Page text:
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Help me figure out which bullshit PnP RPG I want to run

Becksworth

Aging Hipster Dragon Dad
The past few months I’ve been running D20 Modern for my friends via Skype, but I’m getting ready to wrap that one up and I’m looking for a new game to run. The problem is I don’t know what I want to run, so I’m looking for suggestions.

Criteria:
  • One of my friends may be running a D&D Dark Sun game in the near future, so let’s rule out D&D/Pathfinder for now. I’m not opposed to D&D like systems, just not something that is straight up a D20 derivative.
  • I’m burnt out currently on Grimdark fantasy setting, so no Warhammer/Zweiihander, Shadow of the Demon Lord and the like. On similar note, no Warhammer 40k RPGs. Basically any game were the premise is roughly “What horrible thing(s) can we use as an antagonist that would justify the players aligning themselves with an inquisition/figurative nazis/literal nazis?”
  • We’re collectively burnt out on Savage Worlds I think. By the same coin, let’s avoid other Omni systems that claim to be able to run everything. Games derived from another game are fine, as long as the mechanics are changed enough to give the game its own unique feel.
  • Opinions on World of Darkness/Storyteller system games are divided, so let’s avoid those.
  • Nothing with specialized dice, cards, etc. Since we can’t play together due to ongoing pandemic issues, we can’t just borrow what we need from the person who just happens fudge dice, event decks, poker chips with X amount marked as legendary, and so on. Just games that use d4s, d6s, d8s, d10s, d12s, and/or d20s because I know everyone has those.
 
Currently mulling over buying this game:
http://kotohi.com/ryuutama/the-world-of-ryuutama/
I keep hearing it described as... "Hayao Miyazaki's Oregon Trail"???

Also I am having problems with this Kickstarter:
https://www.kickstarter.com/projects/legendsofavallen/legends-of-avallen
As in I want to kickstart it.

Currently running and playing games using Beyond the Wall. I don't know if it does anything to strongly recommend it, but for certain types of players, it's restricted/grounded mechanics and collective storytelling guidelines are extremely useful.
 

Paul le Fou

AAAAAAAA
(He)
My current obsession is Lancer.

It's a far-future (flexible-setting) sci-fi mech-focused TTRPG (with fantastic art) that, in my opinion, solves the ancient problem of trying to get one system to do everything. D&D and its ilk are combat games that a lot of people also use for narrative-heavy RP, even though the mechanical support for that often feels extremely limited (I've grown to hate non-combat D&D sessions because we'll often sit there without rolling a die more than once or twice an entire session, or a streak of bad rolls means you just fail or get bad results over and over for what feels like flimsy reasoning - very unsatisfying). But a lot of the more narrative-focused games (PbtA system as I understand it) don't get quite as satisfying to some people with things like combat and strategy and character building - they excel at building satisfying systems around flexible freeform roleplaying, where D&D lacks, with systems that encourage failing forward or succeeding with consequences, things like that; but being less intricately specialized for one thing (like, say, D&D-style strategic combat and building & optimizing your characters), they often don't scratch that same itch that the more traditional war-game descendants do.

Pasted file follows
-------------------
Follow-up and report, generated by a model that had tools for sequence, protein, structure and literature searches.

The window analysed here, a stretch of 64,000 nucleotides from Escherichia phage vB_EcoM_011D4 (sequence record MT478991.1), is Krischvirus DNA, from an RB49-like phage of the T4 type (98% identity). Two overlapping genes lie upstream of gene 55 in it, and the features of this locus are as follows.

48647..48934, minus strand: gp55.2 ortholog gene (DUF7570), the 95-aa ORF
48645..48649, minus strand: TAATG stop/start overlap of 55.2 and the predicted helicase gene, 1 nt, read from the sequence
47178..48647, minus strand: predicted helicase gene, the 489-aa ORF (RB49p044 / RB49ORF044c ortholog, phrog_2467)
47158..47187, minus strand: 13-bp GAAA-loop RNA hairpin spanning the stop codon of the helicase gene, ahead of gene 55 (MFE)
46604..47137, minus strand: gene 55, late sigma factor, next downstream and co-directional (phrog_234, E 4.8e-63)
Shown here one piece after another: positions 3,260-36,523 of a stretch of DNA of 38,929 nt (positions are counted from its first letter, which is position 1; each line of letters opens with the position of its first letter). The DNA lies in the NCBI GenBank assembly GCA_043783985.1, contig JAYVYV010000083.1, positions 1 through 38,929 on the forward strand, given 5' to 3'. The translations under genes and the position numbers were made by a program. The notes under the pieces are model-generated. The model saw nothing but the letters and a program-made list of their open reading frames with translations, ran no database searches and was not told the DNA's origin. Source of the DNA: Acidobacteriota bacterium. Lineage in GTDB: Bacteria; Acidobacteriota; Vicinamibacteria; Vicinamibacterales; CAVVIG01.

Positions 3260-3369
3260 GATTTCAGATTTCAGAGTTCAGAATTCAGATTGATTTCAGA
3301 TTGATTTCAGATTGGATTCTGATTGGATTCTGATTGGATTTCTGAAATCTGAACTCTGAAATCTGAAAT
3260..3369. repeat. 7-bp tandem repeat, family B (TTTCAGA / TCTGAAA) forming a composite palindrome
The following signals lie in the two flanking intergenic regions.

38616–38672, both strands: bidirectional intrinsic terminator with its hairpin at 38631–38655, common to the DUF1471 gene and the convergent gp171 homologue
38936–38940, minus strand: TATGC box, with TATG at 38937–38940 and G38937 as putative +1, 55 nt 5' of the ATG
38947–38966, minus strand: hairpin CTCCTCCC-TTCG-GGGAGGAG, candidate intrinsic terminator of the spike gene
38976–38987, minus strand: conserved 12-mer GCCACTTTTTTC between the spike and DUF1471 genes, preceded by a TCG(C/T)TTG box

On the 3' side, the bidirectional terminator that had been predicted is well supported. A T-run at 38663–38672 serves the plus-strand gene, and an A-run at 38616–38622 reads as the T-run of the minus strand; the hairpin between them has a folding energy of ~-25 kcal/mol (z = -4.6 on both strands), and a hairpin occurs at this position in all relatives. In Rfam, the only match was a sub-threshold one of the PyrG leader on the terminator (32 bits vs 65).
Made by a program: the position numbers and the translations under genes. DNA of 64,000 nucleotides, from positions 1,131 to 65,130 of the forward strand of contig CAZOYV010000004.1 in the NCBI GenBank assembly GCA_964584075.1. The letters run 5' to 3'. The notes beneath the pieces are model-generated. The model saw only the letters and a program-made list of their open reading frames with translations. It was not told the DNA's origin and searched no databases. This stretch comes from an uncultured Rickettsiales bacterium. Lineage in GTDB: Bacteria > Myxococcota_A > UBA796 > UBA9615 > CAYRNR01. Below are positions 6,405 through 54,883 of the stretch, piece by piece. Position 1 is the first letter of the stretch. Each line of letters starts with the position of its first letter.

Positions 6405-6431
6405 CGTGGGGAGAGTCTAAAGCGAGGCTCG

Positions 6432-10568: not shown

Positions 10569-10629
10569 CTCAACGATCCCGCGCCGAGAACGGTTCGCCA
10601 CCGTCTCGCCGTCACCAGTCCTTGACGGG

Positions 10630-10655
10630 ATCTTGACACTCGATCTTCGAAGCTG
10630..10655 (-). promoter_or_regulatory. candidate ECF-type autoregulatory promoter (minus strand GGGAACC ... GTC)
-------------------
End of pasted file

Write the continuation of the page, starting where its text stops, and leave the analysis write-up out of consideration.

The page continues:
Lancer basically just goes "OK, have both - here are a bunch of mechs with crunchy combat, like D&D and its ilk. But also, here's a whole different set of freeform versatile rules for out-of-mech play." Instead of trying to cram the square peg of combat systems into the round hole of narrative RP, it just gives you two pegs and two holes.

In combat, it's a complex hex-map mech-combat game with a lot of cool character building options that reward engagement with the systems and optimization. You can mix and match your mech licenses as you level up to customize your build, with a wide range of weapon, skill, and talent options to get deep into. You've got what amount to multiple HP bars so your mech starts losing structural integrity as it takes damage, engine heat to manage (or use to your advantage for some builds), tech attacks like hacking or jamming which kinda fill the role of magical effects; melee weapons, guns, sniping, missiles, drones, all of it. Despite all that, it only needs a d20 and a couple d6. (It also has an app to manage your mech with that frankly puts every other character-sheet program I've ever seen to shame.)

But then, its downtime/character-RP sessions are basically an entirely different system. They're pretty freeform, with up-or-down rolls modified by a couple broad skill categories you build into - roll a d20 to scavenge for spare parts, +X if you put skill points into "acquire things," over 10 succeeds, over 20 "criticals" (iirc, don't quote me on that). I haven't played Blades in the Dark but I've read the book, and the narrative sections of Lancer reminded me a lot of a slightly-less-intricate BitD. You have a small range of gear and stats but it's essentially the bare minimum so you can still get through fights without completely winging everything; you have downtime mechanics, personal character-related triggers, all that jazz. A lot of "if you can convince the GM that this item helps on your roll, they may give you a bonus to the roll" kind of freeform stuff.